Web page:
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English Garden Tour
by Daryl Pulis

As I write this, I'm barely a dozen hours home from England where I spent an intense week viewing and photographing gardens with my friend and hostess, Fran. Here are a few notes from my trip to take your mind off our hideously hot and dry summer.

I arrived on a beautiful June morning, and after a quick stop to drop suitcases, we headed out to Frost's garden center to have lunch with another friend. American garden centers can take a lesson from Frosts. Good food on the premises so that you don't interrupt your plant shopping for a growling stomach. Perfectly groomed plants labeled "Pots of Pleasure" stood next to planted gardens including low maintenance gardens, perennial gardens, and water gardens (with a new product - a liner already covered in gravel for that stream- never mind that Fran found a hole in the liner still on the roll!).

After lunch and some plant shopping, we headed for a tour of Fran's tiny village, Aspley Guise. The village is beautiful, old enough to have been included in the Doomsday Book. Needless to say, the village has its share of thatched cottages, old woods, quiet lanes between yew hedges, and beautiful gardens. The "New Manor" dates from the mid-1800s. It's got an enormous Copper Beech that I fell in love with immediately. The old manor? Well, a quote from the tourist book says, "The first known Lord of the Manor at Aspley was Alfwold, who was granted 15 hides in 969 by King Edgar."

Wednesday's tour was a trip to both Wisley and Waterperry Gardens. Wisley was unexpectedly hosting an RHS flower show, so we were able to peek in on it, including the Sweetpea Society special exhibit. Oh, the fragrance!

Wisley's famous sweep of hill included garden beds of the most enormous Gunnera imaginable. It dwarfed Fran, being nearly twice her height. As far as I know there isn't a common name for Gunnera, perhaps because it's so difficult to grow well. Imagine green leaves the size of a Volkswagen in clumps the size of a semi-trailer.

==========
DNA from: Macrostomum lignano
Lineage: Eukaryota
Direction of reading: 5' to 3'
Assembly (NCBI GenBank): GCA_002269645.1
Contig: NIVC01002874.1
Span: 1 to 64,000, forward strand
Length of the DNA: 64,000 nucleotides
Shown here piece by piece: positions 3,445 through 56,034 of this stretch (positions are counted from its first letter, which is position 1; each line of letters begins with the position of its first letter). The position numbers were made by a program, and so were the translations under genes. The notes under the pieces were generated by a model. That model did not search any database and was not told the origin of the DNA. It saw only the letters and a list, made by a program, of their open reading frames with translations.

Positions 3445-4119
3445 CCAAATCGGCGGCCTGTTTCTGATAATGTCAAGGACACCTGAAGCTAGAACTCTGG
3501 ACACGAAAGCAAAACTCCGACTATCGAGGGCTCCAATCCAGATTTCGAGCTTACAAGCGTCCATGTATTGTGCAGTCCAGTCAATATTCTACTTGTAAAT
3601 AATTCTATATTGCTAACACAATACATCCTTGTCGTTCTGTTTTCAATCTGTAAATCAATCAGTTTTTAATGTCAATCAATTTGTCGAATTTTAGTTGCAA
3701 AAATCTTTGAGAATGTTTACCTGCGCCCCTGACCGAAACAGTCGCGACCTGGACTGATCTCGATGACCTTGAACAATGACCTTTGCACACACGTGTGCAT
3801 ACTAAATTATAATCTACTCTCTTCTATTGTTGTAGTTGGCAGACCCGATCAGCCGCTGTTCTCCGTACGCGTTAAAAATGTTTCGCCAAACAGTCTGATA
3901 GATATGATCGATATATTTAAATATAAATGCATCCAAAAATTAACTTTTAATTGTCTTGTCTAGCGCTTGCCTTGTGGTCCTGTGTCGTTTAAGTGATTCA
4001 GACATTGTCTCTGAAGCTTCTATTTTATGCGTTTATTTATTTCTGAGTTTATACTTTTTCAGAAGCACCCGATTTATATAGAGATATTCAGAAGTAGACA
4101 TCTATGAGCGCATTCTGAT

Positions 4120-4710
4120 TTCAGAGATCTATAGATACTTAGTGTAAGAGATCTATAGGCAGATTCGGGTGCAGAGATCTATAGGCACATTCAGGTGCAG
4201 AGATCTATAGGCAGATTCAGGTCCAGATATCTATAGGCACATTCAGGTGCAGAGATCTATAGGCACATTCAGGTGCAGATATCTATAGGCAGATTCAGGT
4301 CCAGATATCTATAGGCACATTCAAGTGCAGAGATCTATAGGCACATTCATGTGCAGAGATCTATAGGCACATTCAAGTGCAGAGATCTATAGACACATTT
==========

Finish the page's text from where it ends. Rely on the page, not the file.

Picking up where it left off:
Penelope Hobhouse' Country Garden displays were beautiful (Lily regale all over the place, Geraniums, Delphiniums, Foxgloves, white Cosmos), nearby an awesome display of white Calla lilies around a pool.

Wisley's Rock Garden needs toincredible. Mature conifers dotting a hillside with lily pools at the bottom. A bit farther beyond, a pair of Kousa dogwoods were in full bloom against a background of purple Smoke trees at their best.

Waterperry was completely different, starting with the Saxon church ruins at the entrance. The garden was started in 1932 as a ladies' horticultural college and is now a public garden and nursery. Waterperry is known for its introduction of Delphinium cultivars, and I was blown away by the display of hundreds of them in all of their regal glory, standing up to 8 feet tall in shades of blue and purple. Waterperry uses an amazing framework of bent twigs to hold the plants upright. Not just a few twigs, but large prunings - a great idea for us to copy for our floppy plants.

The Delphiniums were set off in a 200-foot long herbaceous border backed by a beautiful brick wall. A bit farther along, a mixed shrub border was a lovely change from our stiff rows of Leyland Cypress. Just past the border, the rose garden was beautiful and snifflicious, though past its prime. Across a wide lawn, island beds of evergreens, serene contrasts in green, gold and blue. Topping all was the Copper Beech that was taller than the 2-story manor house.

I hope you've enjoyed the first two days of my trip. In future articles I'll describe more of the gardens I saw, and share ideas that you might use in your own garden.

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